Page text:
Messaging app Telegram also reportedly said Monday that it will no longer process data requests from Hong Kong authorities.
Tech giants have long seen Hong Kong as a friendly outpost in Asia as a semi-independent city nation state, albeit under the control of Beijing under its “one country, two systems” principles. Hong Kong has far greater freedoms from mainland China, where government surveillance and censorship are widespread.
But the new national security law, imposed unilaterally by the Chinese government on June 30, effectively undermines any protections Hong Kong nationals had. The law removes provisions for authorities to require a court order before it can demand data from internet companies, like Facebook and Twitter.
One industry leader, who chairs the Hong Kong Internet Service Providers Association, said internet providers would have little choice but to comply with the new law.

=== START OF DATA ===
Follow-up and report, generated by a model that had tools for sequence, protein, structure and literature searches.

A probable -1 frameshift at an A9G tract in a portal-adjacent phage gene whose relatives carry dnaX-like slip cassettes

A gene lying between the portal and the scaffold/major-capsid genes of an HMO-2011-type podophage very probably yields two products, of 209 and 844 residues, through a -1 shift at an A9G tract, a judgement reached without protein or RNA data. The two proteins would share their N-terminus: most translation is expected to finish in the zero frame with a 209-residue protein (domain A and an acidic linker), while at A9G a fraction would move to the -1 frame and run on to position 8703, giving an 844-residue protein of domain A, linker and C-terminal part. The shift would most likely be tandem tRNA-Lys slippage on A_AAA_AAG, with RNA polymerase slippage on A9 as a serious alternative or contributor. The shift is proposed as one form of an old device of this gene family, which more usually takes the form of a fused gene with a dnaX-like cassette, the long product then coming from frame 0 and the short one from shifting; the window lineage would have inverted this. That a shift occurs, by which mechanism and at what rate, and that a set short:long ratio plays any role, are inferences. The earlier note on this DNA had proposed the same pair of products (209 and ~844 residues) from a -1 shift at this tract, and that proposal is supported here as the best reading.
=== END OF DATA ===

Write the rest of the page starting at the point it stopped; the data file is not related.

The move is likely to put Silicon Valley tech giants — and other companies that follow in their footsteps — on notice with Beijing, which already has sweeping bans against some Western tech giants, including both Facebook and Twitter, on the mainland. WhatsApp is highly popular in Hong Kong, alongside Telegram and WeChat.
Updated with comment from Twitter.
Indonesia is not only Southeast Asia’s most populated country, but also one of the world’s fastest-growing economies. But many people, especially outside of major cities, still lack access to basic financial services like bank accounts. Payfazz is one of several tech startups focused on solving that problem by finding innovative ways to give more Indonesians access to financial services. The company announced today that it has raised a $53 million Series B led by B Capital and Insignia Ventures Partners.